Groundbreaking hip-hop project The Theorizt releases ‘Samurai Love Songs’
By Steve Wildsmith (email@example.com)
Few local bands can lay claim to the sort of original sound created by The Theorizt.
East Tennessee has a healthy hip-hop scene, most of it off-the-radar, and Blount County rappers like Mr. Mack, Hollywood and Ready are a part of that community. But the guys in The Theorizt are something else entirely.
“When you think about the Knoxville music scene, there are a lot of styles, but a lot of the hip-hop is what I call ‘trap’ music,” Theorizt vocalist and producer Jarius Bush told The Daily Times this week. “It’s that gangsta thing, that hood thing, and even though it doesn’t necessarily glorify the life, it exhibits it. There’s a big differentiation between us and those artists. And I think the live elements set us apart. The only thing we compare to is The Roots.
“There’s an honesty in the lyrics, a clear direction to the songs. I believe we have a preface to a song other than being flashy. A lot of hip-hop is based on braggadocio — I’m this, I’m that — but that’s not really the image we’re putting across.”
That particular image is a ferocious one: Bush, dripping with sweat, swapping rhymes with Joseph “Black Atticus” Woods; band co-founder Mike Miller, on guitar and in the pocket, leaning back into a groove so urgent it blows toward the crowd like a hot wind; electric guitarist Nick Burkhalter, laying down cover fire for scattershot rhythms that add complexity to the band’s tracks; rhythm section Jason Wells on percussion and John Augustus on bass, anchoring the whole thing with steady beats more dependable than anything computer-generated.
This is more than hip-hop supported by live instruments, more than a group of musicians bringing a couple of rappers on board to add a little color to the musical mix. This is a full-fledged unit of finely tuned warriors, bound by a common vision and determined to share it with all those who take the time to listen.
“This project really pushes that,” Bush said. “This music is so emotionally driven. A song may start one way within the first four bars, but in the next eight bars it might turn into a whole new composition. We really change the tone of the song quickly. When it comes to production, we’re kind of schizophrenic.”
If so, madness never sounded so sweet as it does on “Samurai Love Songs,” the first full-length release by The Theorizt that will be celebrated this weekend by a show at The Pilot Light in Knoxville’s Old City. It’s the culmination of a two-and-a-half year journey that began on the first day of Americorps orientation for Bush and Miller.
The former grew up in the projects of Knoxville; the latter was a refugee from Boston who came south in search of something different. Bush cut his teeth on his parents’ tastes for soul; later on, he got hooked on the intellectual hip-hop of groups like A Tribe Called Quest. Miller grew up partial to his dad’s taste for classic rock and childhood memories of going to the Lowell Folk Festival, the largest free folk festival in the country.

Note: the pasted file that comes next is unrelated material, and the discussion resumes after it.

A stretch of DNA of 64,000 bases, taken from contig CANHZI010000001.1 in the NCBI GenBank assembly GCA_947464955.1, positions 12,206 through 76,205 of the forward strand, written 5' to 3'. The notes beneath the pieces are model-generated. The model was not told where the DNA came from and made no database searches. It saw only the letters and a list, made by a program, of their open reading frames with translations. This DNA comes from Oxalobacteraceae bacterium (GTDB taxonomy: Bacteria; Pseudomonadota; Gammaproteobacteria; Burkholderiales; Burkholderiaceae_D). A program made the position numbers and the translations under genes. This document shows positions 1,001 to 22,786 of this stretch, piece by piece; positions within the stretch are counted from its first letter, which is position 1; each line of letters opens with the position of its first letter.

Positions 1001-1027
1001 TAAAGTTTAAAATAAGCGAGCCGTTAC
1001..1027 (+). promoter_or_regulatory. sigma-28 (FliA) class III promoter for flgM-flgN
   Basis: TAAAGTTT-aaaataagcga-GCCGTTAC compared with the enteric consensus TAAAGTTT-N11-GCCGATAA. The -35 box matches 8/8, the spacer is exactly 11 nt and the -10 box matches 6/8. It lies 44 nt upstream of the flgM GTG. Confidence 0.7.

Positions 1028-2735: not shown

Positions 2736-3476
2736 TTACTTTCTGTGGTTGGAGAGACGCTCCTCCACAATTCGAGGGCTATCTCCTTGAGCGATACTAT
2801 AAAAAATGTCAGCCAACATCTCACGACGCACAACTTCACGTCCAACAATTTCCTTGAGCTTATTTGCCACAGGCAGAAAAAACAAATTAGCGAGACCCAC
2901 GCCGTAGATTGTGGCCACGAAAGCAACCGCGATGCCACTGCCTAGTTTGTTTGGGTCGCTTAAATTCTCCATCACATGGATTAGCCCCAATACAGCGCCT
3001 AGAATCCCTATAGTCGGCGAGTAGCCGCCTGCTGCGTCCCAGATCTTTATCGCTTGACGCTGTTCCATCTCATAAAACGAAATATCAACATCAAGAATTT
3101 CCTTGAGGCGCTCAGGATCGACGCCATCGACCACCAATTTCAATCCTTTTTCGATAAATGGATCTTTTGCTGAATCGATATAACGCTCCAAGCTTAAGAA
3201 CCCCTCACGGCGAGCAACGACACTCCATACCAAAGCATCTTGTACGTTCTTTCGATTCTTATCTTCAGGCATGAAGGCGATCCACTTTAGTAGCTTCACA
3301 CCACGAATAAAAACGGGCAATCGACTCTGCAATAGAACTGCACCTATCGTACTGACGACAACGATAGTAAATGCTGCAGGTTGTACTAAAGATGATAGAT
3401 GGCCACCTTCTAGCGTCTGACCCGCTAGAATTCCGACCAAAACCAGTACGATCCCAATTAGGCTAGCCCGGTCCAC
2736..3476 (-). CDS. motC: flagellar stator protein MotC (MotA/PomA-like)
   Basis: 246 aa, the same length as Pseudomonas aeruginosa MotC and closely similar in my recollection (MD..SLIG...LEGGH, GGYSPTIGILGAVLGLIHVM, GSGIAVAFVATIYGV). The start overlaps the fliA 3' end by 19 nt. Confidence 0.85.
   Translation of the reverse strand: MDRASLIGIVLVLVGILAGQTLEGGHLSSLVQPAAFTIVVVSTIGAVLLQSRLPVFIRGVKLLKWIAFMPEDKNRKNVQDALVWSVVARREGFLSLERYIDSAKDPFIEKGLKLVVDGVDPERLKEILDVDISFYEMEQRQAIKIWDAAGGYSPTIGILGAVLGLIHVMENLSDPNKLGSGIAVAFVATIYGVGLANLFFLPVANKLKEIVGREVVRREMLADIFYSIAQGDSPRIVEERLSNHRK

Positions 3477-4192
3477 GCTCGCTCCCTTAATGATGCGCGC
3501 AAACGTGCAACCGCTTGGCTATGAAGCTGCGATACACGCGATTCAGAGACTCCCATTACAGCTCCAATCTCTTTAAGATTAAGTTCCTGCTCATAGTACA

“The first day in orientation, we started talking about music and music venues we could go to,” Bush said.
At the time, Bush was in the hip-hop collective Loose Leaf with Woods, himself a veteran of the group Fluid Engineerz, which emerged as one of East Tennessee’s few socially conscious hip-hop acts early last decade. As their friendship grew, Miller found himself drawn to Bush’s rhymes on an artistic level.
“Most people think of hip-hop as looped and just rhyming for the sake of rhyming, but Jarius was really writing songs,” Miller said. “That really attracted me, and when we started talking about doing tracks together, I knew we could make songs with movement and make them dynamic.”
It didn’t hurt that both Bush and Miller were proficient in production work, and that Miller had experience as a live musician. Sampling never interested him, so when he suggested adding his own “voice” to Bush’s rhymes via live instrumentation, the two men realized how well the formula might work. Before long, Woods was asked to contribute to their burgeoning project, and soon he came on board as a member.
The group began with “The Escape EP,” a small-scale project that showed a lot of promise; the guys followed up with “The Sword Bearer Mixtape,” which built on that promise. “Samurai Love Songs” finds the band at the peak of its abilities, a brilliant blend of music and rhymes that showcases just how deep the East Tennessee musical talent pool really is.
“We finally got all the elements together,” Bush said. “‘Samurai Love Songs’ is us finding our niche, our sound, our purpose. Right now, we’re one with our craft, and that’s what makes this project so prevalent.”
“When we first met, I remember the first song we made — ‘We Move’ — and all I remember from that time was being real giddy about the song,” Miller added. “But it wasn’t actually the song; it was more like the potential it showed us, that potential being ‘Samurai Love Songs’ and us being able to tell a story, illustrate it with music and have it be completely us and our voices.”